After first seeing this film back in 7th grade (my parents purchased the VHS version), I liked it so much I ended up wearing out the tape. More than anything else, this film helped bring out an appreciation of music and its affect on an individual. Ironic, when you consider that although I was born into a family with strong musical roots (my grandfather played for The Royal Hawaiian Band and my father is a Hawaiian music legend in his own right), I remained profoundly ignorant of music. From start to finish, I rejoiced in seeing pieces of classical music interpreted visually via live-action cinematography (particularly in the opening piece, Bach's Toccata and Fugue in D Minor) and stunning 2-D animation (there's a reason Disney was THE animation studio for the 20th Century. This film contains some of their most evocative work.) While I was quite entertained, I was shocked to later learn that it was unappreciated in Walt Disney's lifetime, even though it was one of his most personal films (For the record, my favorite sequences are the Toccata and Fugue, Tchaikovsky's The Nutcracker Suite & Beethoven's Sixth Symphony.)

If I had to pick a film that served as a starting point for my interest in History, foreign cultures and Shakespeare, this would be it (and to keep the metaphor going, this is also my first Akira Kurosawa film.) I saw this film back in my 8th grade year while browsing the video store, and I had just learned about Samurai-era Japan in my history class (and also of my own samurai heritage - my maternal great-grandmother is a descendant of the Nakano line.) One of the first things I appreciated was in how Kurosawa used color to contextualize the actions and intents of the various factions in the film, which proved helpful during the film's rich battle sequences (for example, the "bad son" wore red as his color, and the "good son" wore blue.) In high school (and after I had found an interest in acting and theatre) I learned of this film's basis on Shakespeare's King Lear, and with that the lesson of telling conventional stories in an unconventional way, whether it be through a change of setting, character gender or plot. This lesson would be reaffirmed after seeing movies produced by Pixar (Toy Story, Monsters, Inc., WALL-E, etc.)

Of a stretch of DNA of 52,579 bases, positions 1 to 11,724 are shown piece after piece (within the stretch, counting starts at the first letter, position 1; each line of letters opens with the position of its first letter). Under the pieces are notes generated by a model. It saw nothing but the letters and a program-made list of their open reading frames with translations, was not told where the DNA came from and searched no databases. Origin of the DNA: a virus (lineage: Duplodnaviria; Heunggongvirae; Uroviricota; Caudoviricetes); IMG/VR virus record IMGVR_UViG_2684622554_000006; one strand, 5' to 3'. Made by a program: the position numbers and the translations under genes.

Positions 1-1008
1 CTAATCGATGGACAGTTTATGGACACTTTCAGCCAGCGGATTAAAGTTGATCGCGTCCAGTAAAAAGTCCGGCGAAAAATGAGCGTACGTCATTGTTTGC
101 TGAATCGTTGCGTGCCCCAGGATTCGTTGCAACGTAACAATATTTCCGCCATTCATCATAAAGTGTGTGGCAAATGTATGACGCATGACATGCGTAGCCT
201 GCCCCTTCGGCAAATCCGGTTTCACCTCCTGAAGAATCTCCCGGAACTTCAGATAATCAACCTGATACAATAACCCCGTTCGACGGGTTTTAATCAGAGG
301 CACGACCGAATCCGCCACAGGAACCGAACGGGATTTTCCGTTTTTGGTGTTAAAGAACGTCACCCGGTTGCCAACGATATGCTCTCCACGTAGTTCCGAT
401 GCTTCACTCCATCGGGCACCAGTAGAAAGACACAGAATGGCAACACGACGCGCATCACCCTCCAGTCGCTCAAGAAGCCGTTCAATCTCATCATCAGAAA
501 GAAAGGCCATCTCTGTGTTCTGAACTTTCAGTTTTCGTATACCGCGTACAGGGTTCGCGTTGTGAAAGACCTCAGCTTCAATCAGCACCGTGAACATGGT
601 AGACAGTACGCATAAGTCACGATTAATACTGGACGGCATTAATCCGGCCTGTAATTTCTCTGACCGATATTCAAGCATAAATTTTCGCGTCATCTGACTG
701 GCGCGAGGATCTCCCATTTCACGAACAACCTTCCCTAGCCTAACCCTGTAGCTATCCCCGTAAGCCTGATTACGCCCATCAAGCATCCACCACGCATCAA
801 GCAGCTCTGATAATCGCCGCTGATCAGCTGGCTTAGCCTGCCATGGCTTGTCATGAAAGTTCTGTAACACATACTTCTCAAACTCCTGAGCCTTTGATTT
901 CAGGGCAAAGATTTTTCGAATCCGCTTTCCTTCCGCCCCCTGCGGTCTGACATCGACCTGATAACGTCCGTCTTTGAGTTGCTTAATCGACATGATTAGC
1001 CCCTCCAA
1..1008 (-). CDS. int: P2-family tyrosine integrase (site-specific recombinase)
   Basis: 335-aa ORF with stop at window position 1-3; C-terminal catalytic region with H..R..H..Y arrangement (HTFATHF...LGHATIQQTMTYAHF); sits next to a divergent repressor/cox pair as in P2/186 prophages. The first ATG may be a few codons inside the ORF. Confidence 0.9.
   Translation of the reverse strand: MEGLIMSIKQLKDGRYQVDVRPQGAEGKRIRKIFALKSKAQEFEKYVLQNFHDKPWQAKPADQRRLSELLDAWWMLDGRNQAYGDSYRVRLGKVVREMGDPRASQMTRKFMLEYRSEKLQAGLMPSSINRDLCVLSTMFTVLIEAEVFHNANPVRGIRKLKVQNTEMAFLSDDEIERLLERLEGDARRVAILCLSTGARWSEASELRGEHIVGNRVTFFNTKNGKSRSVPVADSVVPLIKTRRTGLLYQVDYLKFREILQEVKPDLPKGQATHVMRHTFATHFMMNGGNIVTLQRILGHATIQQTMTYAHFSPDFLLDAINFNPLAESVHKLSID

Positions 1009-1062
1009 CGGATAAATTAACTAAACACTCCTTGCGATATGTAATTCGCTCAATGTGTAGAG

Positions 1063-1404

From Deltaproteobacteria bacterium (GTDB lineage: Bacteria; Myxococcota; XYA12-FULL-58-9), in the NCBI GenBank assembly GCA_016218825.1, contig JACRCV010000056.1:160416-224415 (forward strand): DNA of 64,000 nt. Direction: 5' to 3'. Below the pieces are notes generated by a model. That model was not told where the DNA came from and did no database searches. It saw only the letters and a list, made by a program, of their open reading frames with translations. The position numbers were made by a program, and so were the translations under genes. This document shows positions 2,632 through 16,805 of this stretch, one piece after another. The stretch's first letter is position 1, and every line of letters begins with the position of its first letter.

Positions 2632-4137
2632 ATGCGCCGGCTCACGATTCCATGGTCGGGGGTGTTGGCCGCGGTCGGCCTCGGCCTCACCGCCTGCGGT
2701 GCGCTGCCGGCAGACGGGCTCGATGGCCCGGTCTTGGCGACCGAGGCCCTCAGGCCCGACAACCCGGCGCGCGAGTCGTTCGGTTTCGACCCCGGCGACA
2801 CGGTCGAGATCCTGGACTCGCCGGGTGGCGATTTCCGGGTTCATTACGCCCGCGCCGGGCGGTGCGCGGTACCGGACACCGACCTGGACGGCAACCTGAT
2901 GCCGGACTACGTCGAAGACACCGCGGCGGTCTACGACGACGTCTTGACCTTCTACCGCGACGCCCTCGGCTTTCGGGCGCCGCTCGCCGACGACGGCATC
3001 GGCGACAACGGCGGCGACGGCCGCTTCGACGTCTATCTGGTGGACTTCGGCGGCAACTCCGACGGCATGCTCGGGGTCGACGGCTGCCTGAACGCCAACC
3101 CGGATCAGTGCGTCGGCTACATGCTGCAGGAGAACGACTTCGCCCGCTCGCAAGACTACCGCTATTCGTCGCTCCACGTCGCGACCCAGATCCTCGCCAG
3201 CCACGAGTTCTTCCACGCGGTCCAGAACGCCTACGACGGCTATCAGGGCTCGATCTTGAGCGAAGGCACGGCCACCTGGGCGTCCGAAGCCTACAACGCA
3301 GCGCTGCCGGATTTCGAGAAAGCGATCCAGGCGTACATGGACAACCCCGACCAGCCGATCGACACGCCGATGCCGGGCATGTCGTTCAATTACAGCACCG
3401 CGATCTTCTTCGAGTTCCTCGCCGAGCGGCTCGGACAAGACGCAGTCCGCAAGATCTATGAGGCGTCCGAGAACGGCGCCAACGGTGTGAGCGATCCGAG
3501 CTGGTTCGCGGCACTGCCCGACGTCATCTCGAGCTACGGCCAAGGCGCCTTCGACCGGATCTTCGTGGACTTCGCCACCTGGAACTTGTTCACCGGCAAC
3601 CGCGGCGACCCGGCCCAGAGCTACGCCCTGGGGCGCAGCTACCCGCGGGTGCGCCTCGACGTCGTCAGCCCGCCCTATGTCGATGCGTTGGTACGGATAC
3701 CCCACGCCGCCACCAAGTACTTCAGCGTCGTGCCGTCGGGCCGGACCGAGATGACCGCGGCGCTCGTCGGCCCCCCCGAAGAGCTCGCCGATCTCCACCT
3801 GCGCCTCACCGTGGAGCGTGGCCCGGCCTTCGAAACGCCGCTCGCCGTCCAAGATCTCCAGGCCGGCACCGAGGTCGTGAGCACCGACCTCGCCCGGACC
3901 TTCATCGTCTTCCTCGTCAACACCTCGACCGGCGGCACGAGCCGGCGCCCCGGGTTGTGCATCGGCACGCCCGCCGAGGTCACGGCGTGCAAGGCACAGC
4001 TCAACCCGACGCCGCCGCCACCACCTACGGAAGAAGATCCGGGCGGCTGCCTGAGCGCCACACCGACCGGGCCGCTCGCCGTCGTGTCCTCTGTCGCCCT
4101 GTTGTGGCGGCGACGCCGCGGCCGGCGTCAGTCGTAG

For some time, I have called Pixar THE animation studio of the 21st Century, and surely I am not alone. Even the studio's most vehement critics cannot deny its profound effect on the entertainment industry. Toy Story (their first full-length feature) served as an important milestone for 3D-animation's growth into a storytelling medium, and each subsequent film has showcased the studio's skill in telling old stories in new ways. So, it seemed appropriate that I include their, "Robot Story" on this list. I saw this film during its first week in theaters (a tradition I've kept with every Pixar film since A Bug's Life) and I was amazed not only at how the film had turned a riveting story out of its simple premise (What if mankind had left Earth, and someone had forgotten to turn off the last robot?) but at how it pays homage to different genres of fiction/film - The plot has elements from Robinson Crusoe, the first hour of the movie is essentially a silent film and it features songs from a movie musical (Hello Dolly!). Top it off with a poignant blend of romance and slapstick, and you've got a masterpiece of cinema. Bravo!

Well, that's all I have to say for now. Stay tuned to this site for the remaining five films on this list.

~Totoro (Executive Producer)